The Role of Computer Technology in Teaching Reading and Writing: Preschool Teachers' Beliefs and Practices

By Ihmeideh, Fathi | Journal of Research in Childhood Education, January-March 2010 | Go to article overview

The Role of Computer Technology in Teaching Reading and Writing: Preschool Teachers' Beliefs and Practices


Ihmeideh, Fathi, Journal of Research in Childhood Education


This study investigated preschool teachers' beliefs and practices regarding the use of computer technology in teaching reading and writing in Jordan. The researcher developed a questionnaire consisting of two scales--Teachers' Beliefs Scale (TB Scale) and Teachers' Practices Scale (TP Scale)--to examine the role of computer technology in teaching reading and writing to preschoolers. A random sample of 154 preschool teachers participated in the study by completing the questionnaire; 12 teachers were later interviewed. Results indicated that the preschool teachers' beliefs about the use of computer technology were aligned with their perceptions of their teaching practices, although teachers' beliefs and their perceptions of their practices were fairly moderate. The results also revealed significant differences between kindergartens in favor of public kindergartens, and the training programs in favor of trained teachers, whereas there was no difference due to area of certification. Directions for further research and recommendations for policy and practice are discussed.

Keywords: computer technology, reading and writing, preschool teacher

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The education system in Jordan consists of a 2-year cycle of preschool education, 10 years of compulsory basic education, and 2 years of secondary academic (Ministry of Education [MoE], 2004). In the preschool stage, children between the ages of 4 and 6 learn the "three Rs": reading, writing, and arithmetic. In addition to these primary subjects, they learn other fundamental subjects, such as religious education, the Arabic language, science, social studies, mathematics, music, arts, handicrafts, physical education, and English. However, it should be made clear that kindergartens in Jordan differ from one area to another with regard to the socioeconomic background of the kindergartners' families. Unlike the other two educational stages, which are compulsory, preschool education in Jordan is still noncompulsory and is mainly run by the private sector, charities, and voluntary societies (United Nations Educational, Scientific, Cultural Organization [UNESCO], 2007). The Ministry of Education (MoE) runs a very limited number of public kindergarten classes linked with elementary schools in some remote regions. Although kindergartens are run mainly by the private sector, they are exclusively administered by the MoE.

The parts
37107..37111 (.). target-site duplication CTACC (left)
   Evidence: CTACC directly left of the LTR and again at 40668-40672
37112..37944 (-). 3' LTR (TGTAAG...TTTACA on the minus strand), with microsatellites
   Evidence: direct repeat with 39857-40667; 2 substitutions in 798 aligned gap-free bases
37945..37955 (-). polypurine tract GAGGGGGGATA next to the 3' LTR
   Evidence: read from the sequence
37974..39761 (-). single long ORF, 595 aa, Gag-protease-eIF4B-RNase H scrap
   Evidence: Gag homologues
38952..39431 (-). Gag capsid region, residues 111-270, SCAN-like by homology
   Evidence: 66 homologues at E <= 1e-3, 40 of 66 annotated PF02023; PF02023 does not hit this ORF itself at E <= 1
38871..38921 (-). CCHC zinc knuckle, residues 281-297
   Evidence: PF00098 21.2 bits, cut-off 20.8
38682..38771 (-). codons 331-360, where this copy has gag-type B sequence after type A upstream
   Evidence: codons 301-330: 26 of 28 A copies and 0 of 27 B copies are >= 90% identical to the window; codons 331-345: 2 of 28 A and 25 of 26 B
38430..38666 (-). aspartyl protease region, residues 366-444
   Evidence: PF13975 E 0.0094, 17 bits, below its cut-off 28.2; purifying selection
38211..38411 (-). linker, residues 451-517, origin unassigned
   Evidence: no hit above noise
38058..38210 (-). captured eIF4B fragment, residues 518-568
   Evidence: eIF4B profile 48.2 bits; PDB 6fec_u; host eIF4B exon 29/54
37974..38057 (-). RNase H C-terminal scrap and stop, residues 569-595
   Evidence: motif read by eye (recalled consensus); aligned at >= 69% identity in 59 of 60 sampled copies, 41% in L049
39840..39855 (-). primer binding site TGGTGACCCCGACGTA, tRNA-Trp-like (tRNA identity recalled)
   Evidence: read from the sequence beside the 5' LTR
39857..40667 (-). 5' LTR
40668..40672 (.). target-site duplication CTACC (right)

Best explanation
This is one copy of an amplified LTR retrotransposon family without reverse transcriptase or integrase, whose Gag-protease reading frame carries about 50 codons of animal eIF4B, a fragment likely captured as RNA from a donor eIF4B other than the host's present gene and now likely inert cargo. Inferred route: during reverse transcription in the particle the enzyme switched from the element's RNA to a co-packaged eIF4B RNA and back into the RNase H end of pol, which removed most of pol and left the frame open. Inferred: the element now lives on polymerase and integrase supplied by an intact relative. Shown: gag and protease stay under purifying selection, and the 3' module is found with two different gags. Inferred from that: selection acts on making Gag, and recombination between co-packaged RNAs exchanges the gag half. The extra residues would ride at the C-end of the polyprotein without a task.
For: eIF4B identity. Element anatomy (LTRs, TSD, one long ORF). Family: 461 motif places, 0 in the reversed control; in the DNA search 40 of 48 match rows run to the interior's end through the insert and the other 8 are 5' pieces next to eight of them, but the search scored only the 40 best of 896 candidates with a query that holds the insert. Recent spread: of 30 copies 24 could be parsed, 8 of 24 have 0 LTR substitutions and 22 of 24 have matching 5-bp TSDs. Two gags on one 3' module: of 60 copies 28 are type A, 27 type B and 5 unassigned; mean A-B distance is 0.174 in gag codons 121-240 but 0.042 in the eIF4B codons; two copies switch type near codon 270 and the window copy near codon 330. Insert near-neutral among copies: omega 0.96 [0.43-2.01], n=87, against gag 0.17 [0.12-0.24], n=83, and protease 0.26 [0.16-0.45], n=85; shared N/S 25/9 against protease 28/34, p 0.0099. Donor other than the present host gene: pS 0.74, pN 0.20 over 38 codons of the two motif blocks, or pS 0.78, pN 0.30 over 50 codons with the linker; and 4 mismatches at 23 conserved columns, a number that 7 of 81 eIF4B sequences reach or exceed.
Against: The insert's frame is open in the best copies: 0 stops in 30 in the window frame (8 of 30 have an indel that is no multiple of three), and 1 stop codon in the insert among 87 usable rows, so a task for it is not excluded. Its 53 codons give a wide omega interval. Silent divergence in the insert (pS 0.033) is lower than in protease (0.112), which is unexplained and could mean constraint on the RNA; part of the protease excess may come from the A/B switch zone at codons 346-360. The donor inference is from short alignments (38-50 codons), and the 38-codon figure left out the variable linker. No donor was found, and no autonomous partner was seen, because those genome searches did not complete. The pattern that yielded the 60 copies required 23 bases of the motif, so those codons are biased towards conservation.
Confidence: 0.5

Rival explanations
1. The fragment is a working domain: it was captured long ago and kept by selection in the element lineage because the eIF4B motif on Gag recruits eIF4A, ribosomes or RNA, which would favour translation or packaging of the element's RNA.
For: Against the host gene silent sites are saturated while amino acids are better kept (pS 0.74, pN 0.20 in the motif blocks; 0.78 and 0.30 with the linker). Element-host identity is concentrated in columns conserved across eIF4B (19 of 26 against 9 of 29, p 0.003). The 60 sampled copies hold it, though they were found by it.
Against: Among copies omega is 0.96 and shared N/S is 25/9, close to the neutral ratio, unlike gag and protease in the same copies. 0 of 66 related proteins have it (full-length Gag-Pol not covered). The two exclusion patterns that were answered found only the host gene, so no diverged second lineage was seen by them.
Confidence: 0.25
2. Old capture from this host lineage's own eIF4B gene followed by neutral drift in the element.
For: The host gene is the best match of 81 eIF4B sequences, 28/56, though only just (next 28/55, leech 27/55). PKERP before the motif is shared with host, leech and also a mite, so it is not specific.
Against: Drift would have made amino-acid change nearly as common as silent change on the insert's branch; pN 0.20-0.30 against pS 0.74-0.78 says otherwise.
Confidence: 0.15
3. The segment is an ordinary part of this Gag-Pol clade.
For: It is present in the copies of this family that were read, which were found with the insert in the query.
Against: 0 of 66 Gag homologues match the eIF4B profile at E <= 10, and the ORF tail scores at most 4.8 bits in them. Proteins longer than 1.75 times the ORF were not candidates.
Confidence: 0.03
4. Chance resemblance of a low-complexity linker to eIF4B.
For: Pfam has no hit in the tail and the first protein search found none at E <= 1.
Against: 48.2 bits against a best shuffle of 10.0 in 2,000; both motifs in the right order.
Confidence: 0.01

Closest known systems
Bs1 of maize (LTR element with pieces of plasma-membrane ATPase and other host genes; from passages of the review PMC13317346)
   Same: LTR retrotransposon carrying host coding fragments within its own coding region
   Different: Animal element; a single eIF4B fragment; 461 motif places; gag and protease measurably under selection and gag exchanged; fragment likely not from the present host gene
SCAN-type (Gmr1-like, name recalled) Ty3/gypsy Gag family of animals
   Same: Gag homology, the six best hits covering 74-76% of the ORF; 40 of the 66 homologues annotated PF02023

Jordan, a small Arab country with limited natural resources, has been striving to redevelop its education system. In 1987, the MoE held its First National Conference on Educational Development to identify ways to enhance and enrich all aspects of education. One of these aspects was integration of technology into school curricula. The Jordanian education system enhanced the use of educational technology, such as educational television programs, tape recorders, overhead projectors, videotapes, laboratories, workshops, libraries, and computer technology (MoE, 1989). Despite the fact that the MoE has paid much attention to technology, and computer technology has been employed in the primary and secondary stages, technology is still not used in most preschool grades.

INTRODUCTION AND THEORETICAL FRAMEWORK

It is a good time to consider the power of current technological advances. Increasingly, communication and information technologies have become part of our everyday lives. The use of computers is increasing day by day, because they are used in many fields to make our lives easier (Bayhan, Olgun, & Yelland, 2002). Computers can present crucial information and offer effective tutorial instruction (Cammarata, 2006). Computers also connect us with other people, store vast amounts of data, and provide us with access and entertainment (Yelland, 2002).

In the technology literature, learning theories have offered different views regarding the use of computer technology. For instance, behaviorism proposed that learning from technologies means using computers for drill and practice, because learning, according to this view, is a matter of imitation and practice. …

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